Owning Up to a Mistake


"I know I needed to own up to my mistake for the safety of the patient; however, I struggled with the best way to communicate it."



Dear Masked Maven,


After staffing a busy surgical room with multiple cases, my surgical team and I were preparing for our final case. While the scrub person was setting up their back field, they asked me to open additional suture. As I began to open the package, the plastic suture holder slipped out of the foil and grazed my finger while in motion to the back table. I froze. Time stood still as I felt the gravity of the situation fall on my shoulders. I had to own up to my mistake and in doing so, I looked around the room at my teammates who were about to be upset with me, the girl who caused the contamination. I know I needed to own up to my mistake for the safety of the patient; however, I struggled with the best way to communicate it. Help!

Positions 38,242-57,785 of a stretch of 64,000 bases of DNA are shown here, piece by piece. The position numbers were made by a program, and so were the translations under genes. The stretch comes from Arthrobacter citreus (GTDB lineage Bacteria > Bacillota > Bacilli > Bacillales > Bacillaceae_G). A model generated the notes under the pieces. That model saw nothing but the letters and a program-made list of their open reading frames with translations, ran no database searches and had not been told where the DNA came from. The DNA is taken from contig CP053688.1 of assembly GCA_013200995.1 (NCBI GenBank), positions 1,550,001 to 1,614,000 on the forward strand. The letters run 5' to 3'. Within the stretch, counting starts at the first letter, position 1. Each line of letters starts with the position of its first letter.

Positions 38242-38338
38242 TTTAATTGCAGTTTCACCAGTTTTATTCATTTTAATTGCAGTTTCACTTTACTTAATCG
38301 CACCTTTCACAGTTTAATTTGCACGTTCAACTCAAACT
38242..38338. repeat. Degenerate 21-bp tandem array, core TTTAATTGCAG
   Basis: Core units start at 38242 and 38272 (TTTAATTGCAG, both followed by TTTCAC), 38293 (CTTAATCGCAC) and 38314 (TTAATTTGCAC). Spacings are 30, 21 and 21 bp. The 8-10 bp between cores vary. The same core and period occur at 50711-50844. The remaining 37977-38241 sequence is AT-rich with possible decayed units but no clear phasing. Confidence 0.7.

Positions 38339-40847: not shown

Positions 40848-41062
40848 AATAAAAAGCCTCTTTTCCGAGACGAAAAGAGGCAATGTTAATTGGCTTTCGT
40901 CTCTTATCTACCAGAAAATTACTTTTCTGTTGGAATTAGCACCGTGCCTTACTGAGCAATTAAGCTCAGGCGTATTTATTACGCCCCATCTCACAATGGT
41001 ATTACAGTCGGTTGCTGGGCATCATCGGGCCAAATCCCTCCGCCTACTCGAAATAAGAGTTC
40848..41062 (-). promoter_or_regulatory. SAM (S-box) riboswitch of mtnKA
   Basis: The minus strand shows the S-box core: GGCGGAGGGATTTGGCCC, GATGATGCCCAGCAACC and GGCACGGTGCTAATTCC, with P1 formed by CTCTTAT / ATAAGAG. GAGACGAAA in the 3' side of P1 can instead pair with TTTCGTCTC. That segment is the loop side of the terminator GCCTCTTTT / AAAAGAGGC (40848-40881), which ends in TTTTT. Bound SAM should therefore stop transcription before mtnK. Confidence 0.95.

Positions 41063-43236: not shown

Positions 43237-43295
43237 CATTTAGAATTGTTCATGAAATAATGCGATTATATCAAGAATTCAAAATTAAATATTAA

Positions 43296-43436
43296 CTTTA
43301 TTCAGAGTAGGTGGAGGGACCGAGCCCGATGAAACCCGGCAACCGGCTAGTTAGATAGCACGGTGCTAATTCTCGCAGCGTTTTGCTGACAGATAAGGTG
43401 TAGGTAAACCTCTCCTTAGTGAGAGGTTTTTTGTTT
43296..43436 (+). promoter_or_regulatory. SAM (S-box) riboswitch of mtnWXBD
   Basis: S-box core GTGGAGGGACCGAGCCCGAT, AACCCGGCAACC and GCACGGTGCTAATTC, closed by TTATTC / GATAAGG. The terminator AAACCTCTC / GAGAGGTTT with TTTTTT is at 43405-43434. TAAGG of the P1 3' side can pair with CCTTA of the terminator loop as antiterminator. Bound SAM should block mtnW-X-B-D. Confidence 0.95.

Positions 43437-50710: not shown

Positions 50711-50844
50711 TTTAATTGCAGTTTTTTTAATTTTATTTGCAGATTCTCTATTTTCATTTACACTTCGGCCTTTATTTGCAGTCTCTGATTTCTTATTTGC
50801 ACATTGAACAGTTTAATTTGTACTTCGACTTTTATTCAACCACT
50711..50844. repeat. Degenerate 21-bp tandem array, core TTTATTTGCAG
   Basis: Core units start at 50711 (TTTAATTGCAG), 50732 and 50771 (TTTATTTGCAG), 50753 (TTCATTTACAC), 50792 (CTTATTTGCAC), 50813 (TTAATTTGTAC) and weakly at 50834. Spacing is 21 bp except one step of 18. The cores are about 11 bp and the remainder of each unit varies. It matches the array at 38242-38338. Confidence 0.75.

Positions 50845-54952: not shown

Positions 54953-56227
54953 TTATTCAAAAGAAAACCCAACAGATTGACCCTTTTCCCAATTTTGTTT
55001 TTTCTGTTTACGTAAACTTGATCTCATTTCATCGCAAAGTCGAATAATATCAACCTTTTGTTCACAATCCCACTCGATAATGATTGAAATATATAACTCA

Owning Up



Dear Owning Up,


Mistakes are unfortunate reminders of our humanity. In the moment of their occurrence, they can evoke a terrible sense of disappointment, yet they are an inherent part of our experience. Coping with mistakes can be approached with honesty and poise. In the scenario described above, my foremost suggestion would be to pause, gather yourself with a deep breath, and recollect the commitment you made as a perioperative nurse—to provide unwavering care for your patients, even in challenging situations.

Next, it is important to promptly inform your surgical team. Anticipate that their initial reaction might echo your own—disappointment. Taking ownership of the mistake is crucial; express your willingness to take necessary measures to address the situation. It is worth noting that we have all, at some point in our careers, encountered situations where we inadvertently compromised a sterile field. The most constructive path forward is to confront the mistake, always bearing in mind the well-being of the patient. Opting for the high road may not always be the easiest route, but it reflects your commitment to professional integrity.

When facing a mistake, give yourself some grace. Remember, our growth often comes from learning lessons from our mistakes and committing to better practices moving forward. And next time, open that suture with surgical precision.

All the Best,


Dear maven Icon

Masked Maven

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